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Unless you’re into quilting as an avocation, it’s likely that quilts aren’t a large part of your consciousness. Here in the islands, a Hawaiian quilt is considered a treasure, whether you’ve received one as a gift, bought one or made one yourself.
Long before the first Westerners reached the islands, the Hawaiian people were making a fabric called “kapa” from the inner bark of the paper mulberry tree. Kapa was pounded into layers and sewn with bone needles and natural fiber threads. The yield was clothing, bedding and canoe sails. The resulting fabric usually was dyed and decorated with elaborate patterns.
When the missionaries brought woven fabrics and piecework quilts to Hawaii, the Hawaiians quickly adopted their sewing techniques and materials – but not their methods.
Rather than cut fabrics into bits and then resew them, the Hawaiians’ designs were cut from solid pieces of cloth and appliqued to a fabric background forming a decorative top. Batting of wool, cotton, or natural fibers was placed between this top and an undecorated backing. The three layers were then stitched together.
It’s presumed that the first Hawaiian quilt designs were inspired by leaf patterns falling on fabric laid out to dry and other designs found in nature. The quilts weren’t sold; they were gifts of love.
During the latter years of the monarchy and particularly after Queen Liliuokalani was deposed in 1893, quilt patterns incorporating themes of royalty, “Ali‘i,” and of the royal palaces became symbols of Hawaiian identity. Today it’s considered a matter of courtesy for non-Hawaiians to request permission from members of the Hawaiian community before using those particular patterns.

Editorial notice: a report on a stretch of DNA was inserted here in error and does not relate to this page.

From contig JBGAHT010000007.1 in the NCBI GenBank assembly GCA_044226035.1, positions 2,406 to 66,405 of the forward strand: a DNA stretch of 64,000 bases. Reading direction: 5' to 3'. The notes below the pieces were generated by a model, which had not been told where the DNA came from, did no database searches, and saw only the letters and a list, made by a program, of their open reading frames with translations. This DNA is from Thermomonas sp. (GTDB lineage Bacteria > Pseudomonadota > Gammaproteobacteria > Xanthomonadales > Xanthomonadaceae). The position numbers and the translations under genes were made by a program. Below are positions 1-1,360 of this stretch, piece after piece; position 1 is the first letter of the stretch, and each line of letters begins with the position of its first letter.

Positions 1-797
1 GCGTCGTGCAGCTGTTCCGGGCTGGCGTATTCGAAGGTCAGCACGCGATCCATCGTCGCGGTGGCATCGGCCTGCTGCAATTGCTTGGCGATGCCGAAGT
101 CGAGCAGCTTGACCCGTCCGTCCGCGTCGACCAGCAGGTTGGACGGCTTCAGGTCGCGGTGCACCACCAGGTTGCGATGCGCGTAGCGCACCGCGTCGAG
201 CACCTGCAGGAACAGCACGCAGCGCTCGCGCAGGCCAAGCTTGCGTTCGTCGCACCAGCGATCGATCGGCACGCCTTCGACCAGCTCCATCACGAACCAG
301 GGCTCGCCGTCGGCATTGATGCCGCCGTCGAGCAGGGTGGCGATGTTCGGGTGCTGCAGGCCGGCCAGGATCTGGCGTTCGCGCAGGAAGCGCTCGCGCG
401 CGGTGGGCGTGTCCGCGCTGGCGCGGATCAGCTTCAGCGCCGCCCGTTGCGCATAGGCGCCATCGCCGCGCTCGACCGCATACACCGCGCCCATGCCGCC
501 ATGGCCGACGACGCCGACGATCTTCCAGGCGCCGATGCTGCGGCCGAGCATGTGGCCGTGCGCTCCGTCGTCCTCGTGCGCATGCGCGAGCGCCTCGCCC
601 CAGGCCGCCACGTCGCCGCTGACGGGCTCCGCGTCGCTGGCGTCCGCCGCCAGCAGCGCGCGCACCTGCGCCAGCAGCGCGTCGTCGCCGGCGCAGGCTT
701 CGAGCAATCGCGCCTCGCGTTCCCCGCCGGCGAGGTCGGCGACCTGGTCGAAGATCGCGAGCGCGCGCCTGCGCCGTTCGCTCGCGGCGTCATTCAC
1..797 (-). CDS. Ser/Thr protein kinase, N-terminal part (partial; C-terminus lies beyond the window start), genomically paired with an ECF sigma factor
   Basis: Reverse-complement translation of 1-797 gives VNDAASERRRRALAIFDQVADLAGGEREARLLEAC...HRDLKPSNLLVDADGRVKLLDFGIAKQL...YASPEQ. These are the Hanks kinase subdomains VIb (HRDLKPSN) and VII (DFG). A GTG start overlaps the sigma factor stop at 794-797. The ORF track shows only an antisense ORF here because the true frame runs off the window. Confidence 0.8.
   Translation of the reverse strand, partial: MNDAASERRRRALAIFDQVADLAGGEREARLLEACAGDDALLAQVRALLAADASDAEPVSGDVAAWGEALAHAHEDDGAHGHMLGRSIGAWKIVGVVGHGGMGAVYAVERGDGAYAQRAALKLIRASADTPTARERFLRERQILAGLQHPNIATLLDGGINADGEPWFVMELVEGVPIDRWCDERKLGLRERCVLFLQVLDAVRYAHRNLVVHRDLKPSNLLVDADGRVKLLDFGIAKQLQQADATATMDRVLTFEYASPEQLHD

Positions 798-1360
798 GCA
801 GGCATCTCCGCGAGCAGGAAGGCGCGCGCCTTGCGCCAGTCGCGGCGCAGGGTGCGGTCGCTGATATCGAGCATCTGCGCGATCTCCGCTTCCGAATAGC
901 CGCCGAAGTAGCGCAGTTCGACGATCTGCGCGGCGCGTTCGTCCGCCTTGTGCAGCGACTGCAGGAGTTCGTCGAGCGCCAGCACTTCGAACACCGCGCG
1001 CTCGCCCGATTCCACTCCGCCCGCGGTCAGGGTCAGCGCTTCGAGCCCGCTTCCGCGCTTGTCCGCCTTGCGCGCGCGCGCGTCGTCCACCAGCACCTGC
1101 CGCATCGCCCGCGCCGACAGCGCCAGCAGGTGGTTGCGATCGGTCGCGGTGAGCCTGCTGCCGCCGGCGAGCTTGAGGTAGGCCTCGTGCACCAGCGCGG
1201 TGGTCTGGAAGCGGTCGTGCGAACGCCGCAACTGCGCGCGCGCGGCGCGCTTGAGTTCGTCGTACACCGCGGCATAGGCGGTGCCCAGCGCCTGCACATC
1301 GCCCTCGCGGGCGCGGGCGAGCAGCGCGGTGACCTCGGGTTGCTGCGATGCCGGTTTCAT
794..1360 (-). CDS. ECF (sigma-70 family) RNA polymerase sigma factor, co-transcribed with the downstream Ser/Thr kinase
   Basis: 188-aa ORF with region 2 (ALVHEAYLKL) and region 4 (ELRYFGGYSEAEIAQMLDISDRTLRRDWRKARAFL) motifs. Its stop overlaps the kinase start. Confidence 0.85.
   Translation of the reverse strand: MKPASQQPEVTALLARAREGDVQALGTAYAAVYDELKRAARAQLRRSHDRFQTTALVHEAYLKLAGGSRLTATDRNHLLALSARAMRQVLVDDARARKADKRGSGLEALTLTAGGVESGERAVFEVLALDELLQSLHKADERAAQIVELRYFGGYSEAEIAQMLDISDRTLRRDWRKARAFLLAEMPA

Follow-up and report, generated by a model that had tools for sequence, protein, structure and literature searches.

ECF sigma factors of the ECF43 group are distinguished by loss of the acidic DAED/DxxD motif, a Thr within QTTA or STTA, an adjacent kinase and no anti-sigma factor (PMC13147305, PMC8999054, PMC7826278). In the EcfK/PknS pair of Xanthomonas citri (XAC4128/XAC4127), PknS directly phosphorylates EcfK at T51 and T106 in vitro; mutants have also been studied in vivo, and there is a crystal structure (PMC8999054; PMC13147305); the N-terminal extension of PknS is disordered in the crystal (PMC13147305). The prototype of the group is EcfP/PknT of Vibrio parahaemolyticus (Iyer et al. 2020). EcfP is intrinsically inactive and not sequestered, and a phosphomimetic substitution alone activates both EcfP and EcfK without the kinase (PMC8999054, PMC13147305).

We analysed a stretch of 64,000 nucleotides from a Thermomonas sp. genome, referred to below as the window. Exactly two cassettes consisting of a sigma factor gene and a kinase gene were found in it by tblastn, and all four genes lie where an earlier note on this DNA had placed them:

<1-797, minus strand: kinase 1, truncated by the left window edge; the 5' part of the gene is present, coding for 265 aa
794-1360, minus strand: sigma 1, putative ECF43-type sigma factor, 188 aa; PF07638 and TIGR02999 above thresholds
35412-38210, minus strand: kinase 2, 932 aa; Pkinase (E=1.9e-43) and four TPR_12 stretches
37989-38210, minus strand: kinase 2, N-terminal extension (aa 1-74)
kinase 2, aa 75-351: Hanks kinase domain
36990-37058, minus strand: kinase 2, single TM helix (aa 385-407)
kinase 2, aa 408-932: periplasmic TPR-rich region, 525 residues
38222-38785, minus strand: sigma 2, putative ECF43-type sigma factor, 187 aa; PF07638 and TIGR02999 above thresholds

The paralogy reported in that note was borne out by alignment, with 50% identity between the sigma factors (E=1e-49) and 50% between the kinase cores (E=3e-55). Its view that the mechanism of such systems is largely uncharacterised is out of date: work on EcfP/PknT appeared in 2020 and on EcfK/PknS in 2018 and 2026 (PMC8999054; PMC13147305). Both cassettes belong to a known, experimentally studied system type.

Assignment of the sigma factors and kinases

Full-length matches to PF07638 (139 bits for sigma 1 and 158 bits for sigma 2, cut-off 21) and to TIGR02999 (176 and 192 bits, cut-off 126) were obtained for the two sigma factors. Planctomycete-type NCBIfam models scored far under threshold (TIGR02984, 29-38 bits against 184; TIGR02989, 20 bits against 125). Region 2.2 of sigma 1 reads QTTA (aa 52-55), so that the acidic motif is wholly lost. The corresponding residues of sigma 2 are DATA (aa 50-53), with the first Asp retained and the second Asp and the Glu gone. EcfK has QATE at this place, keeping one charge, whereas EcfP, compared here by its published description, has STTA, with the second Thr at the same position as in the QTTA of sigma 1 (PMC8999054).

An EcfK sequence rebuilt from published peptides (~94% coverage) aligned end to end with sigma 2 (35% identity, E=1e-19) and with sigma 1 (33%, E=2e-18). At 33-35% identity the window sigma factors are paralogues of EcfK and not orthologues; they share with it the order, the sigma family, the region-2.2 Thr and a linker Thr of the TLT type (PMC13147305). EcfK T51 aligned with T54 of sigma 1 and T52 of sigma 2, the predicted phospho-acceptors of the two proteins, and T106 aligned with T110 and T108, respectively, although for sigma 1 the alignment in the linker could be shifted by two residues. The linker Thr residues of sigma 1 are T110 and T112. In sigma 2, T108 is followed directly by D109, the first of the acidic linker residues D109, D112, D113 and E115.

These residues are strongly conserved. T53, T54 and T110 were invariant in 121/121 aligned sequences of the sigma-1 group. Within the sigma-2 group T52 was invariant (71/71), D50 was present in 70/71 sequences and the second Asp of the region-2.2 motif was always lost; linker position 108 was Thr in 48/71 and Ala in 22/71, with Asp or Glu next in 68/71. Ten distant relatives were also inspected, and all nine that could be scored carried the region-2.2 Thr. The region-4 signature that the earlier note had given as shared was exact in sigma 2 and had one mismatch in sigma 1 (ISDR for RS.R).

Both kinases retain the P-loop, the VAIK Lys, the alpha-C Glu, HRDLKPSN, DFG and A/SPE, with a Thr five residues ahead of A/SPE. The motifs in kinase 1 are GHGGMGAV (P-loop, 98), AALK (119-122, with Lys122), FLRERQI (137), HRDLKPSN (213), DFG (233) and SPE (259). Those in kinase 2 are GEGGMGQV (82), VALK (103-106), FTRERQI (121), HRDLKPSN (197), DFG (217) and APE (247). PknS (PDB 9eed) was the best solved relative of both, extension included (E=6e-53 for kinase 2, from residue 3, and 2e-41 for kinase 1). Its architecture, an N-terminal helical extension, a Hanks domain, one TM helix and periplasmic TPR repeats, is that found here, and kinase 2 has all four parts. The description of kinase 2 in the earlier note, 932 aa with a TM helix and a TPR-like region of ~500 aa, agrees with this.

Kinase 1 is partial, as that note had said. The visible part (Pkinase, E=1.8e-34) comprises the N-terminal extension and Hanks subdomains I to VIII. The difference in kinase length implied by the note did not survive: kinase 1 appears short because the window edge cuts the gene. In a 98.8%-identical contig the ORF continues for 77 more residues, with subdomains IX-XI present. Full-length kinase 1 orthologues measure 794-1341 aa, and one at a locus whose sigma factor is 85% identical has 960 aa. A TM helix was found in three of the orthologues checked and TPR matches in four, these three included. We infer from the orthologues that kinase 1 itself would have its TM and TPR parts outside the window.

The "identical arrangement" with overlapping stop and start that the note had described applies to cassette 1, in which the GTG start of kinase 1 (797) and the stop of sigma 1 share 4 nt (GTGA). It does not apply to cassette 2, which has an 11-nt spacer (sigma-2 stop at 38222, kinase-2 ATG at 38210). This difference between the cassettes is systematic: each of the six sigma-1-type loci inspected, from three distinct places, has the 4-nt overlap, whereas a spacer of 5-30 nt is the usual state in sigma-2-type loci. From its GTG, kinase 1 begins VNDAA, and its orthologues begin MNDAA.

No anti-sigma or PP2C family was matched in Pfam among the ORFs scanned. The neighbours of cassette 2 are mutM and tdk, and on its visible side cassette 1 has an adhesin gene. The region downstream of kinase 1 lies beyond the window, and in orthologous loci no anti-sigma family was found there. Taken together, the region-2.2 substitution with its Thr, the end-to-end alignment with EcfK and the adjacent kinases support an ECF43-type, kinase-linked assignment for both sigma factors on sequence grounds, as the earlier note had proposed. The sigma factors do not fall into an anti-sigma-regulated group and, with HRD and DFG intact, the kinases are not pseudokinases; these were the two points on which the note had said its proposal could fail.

Quilting has gained a respected place in the resurgence of traditional Hawaiian arts and crafts. Now quilters are passing on their knowledge of the past and creating new designs.
Hawaii’s visitors usually come across Hawaiian quilts – as they browse shops, see them in hotel lobbies and some rooms, or encounter them in private homes. They are easy to covet, but are bulky when it comes to getting them back home. Several companies will ship your choices to you. For your guidance, here’s what you can expect to pay for quilts of various sizes for various uses:
It’s easy to take quilt making lessons while you’re here. Just ask your Hawaii-Aloha Travel specialist.
Posted by: Jamie Winpenny on Nov 14, 2008